9

The question is how much well-informed citizens need to be to exercise their democratic rights. The answer depends on theories of democracy. The duty of citizens to be well-informed can be very demanding or not demanding at all. Some theories even require moral duty not to vote. I explain these three views in the following. J.S. Mill's theory can be argued ...


8

Your question seems simple, but is very complicated indeed! Instead of giving a complicated answer ;) I want to bring to your attention the problematic nature of an assumption in it, which I will call Principle P. This assumption is important because if Principle P doesn't hold, then your question cannot even get off the ground. Your questions seems to ...


8

Aristotle classified states according to two variables: who holds power? And: in whose interest is it exercised? There are three politically possible answers to the first question (one, some and all:the kingship, aristocracy, and politeia), and two politically possible answers to the second (the holder of power, and everyone). Aristotle treats kingship and ...


7

I don't think there's any one answer that all will accept on this question, but to simplify the sorting process for you, the real question you are asking is: "What is a state?" and then within this specifically the question of how such a state relates to its members. In terms of philosophical theories of the state (in this case the polis), the earliest two ...


6

The question is what does the following sentence from John Dewey's Democracy and Eduction mean: Education is the laboratory in which philosophic distinctions become concrete and are tested. In that same paragraph Dewey warns that students of philosophy may see philosophy as relevant to philosophers alone: The student of philosophy "in itself" is ...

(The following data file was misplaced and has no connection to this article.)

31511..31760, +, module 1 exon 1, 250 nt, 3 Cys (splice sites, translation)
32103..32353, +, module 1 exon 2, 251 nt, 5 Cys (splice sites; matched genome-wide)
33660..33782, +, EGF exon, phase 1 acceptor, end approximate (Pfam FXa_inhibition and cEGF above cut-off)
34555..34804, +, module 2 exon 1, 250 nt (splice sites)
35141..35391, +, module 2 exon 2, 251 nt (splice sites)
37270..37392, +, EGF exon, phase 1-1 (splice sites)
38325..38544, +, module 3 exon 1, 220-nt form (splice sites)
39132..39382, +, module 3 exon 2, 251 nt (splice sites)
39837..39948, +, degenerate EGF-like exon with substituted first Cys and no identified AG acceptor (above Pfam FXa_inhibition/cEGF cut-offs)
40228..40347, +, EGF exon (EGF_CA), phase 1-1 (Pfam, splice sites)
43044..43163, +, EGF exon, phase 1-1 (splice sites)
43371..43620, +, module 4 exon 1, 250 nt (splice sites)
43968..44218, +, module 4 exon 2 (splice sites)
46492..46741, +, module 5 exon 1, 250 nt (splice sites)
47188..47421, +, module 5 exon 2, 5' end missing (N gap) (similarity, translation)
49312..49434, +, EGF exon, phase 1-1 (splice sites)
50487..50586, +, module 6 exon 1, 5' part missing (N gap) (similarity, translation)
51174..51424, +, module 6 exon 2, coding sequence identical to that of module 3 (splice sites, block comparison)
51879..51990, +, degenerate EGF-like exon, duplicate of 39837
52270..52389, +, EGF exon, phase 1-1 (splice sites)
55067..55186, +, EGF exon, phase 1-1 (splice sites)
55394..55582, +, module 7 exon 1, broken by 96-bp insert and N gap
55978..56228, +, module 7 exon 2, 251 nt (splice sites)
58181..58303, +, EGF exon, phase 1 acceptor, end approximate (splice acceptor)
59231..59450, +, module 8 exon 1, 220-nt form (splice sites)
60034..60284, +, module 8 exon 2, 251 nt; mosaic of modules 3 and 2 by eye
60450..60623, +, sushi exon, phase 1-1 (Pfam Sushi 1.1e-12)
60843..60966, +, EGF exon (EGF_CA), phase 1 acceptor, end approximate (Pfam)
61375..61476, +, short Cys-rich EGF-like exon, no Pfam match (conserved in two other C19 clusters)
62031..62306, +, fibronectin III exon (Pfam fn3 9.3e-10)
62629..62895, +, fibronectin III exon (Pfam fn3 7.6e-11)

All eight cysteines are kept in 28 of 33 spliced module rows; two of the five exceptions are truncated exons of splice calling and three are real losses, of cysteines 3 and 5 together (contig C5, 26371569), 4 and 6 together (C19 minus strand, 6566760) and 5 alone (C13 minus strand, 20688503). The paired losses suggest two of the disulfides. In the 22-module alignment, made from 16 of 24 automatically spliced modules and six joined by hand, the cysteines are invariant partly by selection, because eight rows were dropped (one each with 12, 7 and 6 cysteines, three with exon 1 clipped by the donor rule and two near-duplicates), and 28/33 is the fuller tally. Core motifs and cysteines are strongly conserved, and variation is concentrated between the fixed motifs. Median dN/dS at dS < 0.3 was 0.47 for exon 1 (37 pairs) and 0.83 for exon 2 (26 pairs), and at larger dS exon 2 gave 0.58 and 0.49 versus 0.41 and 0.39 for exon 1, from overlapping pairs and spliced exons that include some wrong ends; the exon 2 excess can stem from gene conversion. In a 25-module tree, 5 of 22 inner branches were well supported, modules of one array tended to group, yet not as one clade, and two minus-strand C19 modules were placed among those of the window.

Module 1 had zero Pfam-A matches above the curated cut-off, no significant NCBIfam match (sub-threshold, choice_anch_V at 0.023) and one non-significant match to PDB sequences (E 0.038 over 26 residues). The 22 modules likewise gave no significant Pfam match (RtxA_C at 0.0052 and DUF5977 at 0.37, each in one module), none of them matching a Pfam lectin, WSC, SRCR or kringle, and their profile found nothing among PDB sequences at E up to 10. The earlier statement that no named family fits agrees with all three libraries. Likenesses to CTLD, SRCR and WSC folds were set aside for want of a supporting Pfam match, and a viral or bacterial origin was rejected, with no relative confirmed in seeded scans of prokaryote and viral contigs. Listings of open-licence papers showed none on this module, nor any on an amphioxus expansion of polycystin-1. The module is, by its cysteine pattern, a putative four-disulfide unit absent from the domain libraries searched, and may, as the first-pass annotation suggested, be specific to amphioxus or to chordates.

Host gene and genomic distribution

5

The name of the idea is "weighted voting." There are a large number of proposed ways to weight the votes: contribution-based allocation, education-based allocation, occupation-based allocation, etc. What these variants all have in common is that they are running counter to the "one person-one vote" notion, which has been historically expanding through the ...


5

I'd go for a combination of #1 and #3. The context is polemical; Nietzsche is showing an argument between him and (one or more) putative interlocutors, who Nietzsche responds to. The "free thinker" or "free spirit" in the quoted passage is an opponent who Nietzsche is in the process of dismissing, and does not represent his own views-- and the scare quotes ...


5

There is in fact definite textual support for the Republic being a meritocracy, and indeed through the noble lie of metals. However, I do not think this gives it even a tinge of democracy, as Socrates makes it clear that all the power ultimately lies in the guardians, a small and exclusive group of virtuous people. When he is describing the noble lie of ...


5

Both democracy (in its purer forms) as well as populism are ideologies involving a rule of the people by the people or representatives chosen/ selected by the people. Democracy focuses more on the assignment of governance to the people regardless of class Populism focuses more on the struggle between the common class and the elite class Populism also lends ...


5

When one says "the majority is always wrong", what does one mean by this? Do we mean that the majority is incapable of making perfect decisions (supposing for the moment that it is possible for an external agent to objectively measure the excellence of decisions)? That with universal sufferage, a large portion of people will make their decision based on very ...